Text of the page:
Our values didn’t align, but I miss her

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I was involved with a woman for nine months. We slept together the first night. The electricity and chemistry felt right. We developed an instant connection and shared many interests, and really enjoyed each other's company. We would see each other two to three nights a week.

After a month, something felt off about the relationship. We had different attachment styles, but on the days we didn't see each other, something seemed wrong.

Also, our morals and values didn't align. She's more liberal about sex and open relationships. She's bisexual. She's had an abortion. I don't agree with her choices in life, but respected her beliefs.

At the end, she told me she was struggling with being attracted to other people, and wanted to date others. I was madly in love with her and was heartbroken. We tried to make it work for a couple of weeks, but eventually it didn't. She's dating other people now. I miss her and think about her all the time, even though it's been seven weeks since we were together. I know time eventually heals everything, but how do I get over her? I've had to start seeing a psychiatrist and taking antidepressants. I've been involved with many women before her, but this one really hurts.

– Hurt

Time doesn't zap the pain away, but it does put things in perspective. Give it more than seven weeks.

You're experiencing grief, doubt, and confusion. You're probably asking yourself questions about why you felt so close to this woman, even though your values didn’t align. It takes more than a month or so to sort through an important relationship. Take a deep breath and know that it will look different over time.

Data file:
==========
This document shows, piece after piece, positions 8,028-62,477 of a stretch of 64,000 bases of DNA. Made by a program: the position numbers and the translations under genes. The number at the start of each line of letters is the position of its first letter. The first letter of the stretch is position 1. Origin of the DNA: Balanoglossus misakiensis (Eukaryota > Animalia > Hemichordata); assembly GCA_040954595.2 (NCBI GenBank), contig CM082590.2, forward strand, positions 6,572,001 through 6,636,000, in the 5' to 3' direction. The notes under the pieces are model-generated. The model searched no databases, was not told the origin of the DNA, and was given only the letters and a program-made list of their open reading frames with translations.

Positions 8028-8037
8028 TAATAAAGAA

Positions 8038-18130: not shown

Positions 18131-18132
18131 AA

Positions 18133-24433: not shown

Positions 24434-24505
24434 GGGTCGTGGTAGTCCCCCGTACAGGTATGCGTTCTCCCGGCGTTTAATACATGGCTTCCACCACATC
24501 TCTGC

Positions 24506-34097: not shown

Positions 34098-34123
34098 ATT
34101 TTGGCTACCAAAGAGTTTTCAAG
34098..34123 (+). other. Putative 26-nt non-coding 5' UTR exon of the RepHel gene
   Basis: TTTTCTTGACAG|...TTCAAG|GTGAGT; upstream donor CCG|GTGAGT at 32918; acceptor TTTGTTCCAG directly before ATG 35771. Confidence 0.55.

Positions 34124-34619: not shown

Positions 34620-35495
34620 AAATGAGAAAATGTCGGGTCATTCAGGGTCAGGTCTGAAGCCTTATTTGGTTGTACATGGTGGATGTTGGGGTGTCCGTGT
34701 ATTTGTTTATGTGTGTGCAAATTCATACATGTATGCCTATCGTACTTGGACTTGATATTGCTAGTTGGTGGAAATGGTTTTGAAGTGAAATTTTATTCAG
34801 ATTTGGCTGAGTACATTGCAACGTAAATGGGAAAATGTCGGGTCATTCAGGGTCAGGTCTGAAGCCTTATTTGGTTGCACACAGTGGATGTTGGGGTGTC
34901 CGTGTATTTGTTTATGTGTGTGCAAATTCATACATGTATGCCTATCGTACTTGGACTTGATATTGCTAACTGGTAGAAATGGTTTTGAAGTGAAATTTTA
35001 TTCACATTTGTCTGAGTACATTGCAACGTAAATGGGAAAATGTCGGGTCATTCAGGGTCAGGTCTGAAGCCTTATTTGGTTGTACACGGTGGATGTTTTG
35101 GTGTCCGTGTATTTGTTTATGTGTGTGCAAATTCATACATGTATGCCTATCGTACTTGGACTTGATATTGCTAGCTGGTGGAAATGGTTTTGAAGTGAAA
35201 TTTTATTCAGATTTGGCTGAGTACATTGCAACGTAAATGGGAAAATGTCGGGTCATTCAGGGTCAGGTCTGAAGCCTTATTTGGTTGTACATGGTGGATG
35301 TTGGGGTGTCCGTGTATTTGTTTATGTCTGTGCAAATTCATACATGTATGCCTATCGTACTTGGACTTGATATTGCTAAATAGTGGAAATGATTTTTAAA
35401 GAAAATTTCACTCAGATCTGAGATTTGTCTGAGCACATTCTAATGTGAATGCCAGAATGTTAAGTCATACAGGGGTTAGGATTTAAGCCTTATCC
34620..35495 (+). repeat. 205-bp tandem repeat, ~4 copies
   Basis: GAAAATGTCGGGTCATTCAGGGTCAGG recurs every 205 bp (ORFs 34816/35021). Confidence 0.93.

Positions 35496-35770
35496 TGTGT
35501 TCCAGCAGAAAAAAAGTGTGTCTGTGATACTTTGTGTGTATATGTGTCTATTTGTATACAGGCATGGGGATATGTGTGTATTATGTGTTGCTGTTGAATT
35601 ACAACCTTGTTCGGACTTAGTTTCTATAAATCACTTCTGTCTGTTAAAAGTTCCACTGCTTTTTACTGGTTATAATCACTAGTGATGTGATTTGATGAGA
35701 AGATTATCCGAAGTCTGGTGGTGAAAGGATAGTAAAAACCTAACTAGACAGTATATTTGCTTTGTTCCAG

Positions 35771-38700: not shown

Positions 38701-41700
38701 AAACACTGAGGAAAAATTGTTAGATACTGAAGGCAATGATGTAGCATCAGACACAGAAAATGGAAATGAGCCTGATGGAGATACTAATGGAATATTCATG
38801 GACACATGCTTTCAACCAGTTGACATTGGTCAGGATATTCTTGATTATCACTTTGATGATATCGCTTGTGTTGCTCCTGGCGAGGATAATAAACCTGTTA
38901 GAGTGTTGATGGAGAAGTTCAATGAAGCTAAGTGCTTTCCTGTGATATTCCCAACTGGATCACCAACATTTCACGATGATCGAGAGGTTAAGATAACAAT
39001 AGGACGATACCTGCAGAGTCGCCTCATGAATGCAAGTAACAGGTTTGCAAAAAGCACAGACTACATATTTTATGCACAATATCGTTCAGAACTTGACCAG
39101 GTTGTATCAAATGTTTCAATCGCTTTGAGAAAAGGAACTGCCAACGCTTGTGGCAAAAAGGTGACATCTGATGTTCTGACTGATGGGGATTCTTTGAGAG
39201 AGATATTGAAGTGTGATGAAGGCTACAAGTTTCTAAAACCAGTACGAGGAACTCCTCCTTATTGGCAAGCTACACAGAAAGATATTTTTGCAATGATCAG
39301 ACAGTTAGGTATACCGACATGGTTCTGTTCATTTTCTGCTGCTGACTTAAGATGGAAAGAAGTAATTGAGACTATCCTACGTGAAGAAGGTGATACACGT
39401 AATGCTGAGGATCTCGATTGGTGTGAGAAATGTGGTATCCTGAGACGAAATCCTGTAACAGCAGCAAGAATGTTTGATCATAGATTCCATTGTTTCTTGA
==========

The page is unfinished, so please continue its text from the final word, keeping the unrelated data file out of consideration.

It's worth talking to your mental heath professional about this experience – why things felt off on days apart, and how your attachment style worked (or didn't) for you. If the psychiatrist doesn't do talk therapy, ask to be connected to someone who does.

A random thought about this breakup: in my own life, I've had more trouble moving on from people who were very wrong for me than possible partners who were better matches. I think it's because with the very wrong person, I did a lot of mental work to rationalize the obvious problems. I build a case in my brain to justify why the clear incompatibility would work itself out and disappear.

Then, when the relationship ended, I was in trouble – because I'd done such a good job convincing myself that it shouldn't. It took extra time to unravel the story I'd told myself about why the relationship was worth my time. Maybe that's happening to you too. You told yourself a tale about why this could work, despite all of the issues. It'll take some effort to undo it.

– Meredith

Readers? Thoughts on getting over it?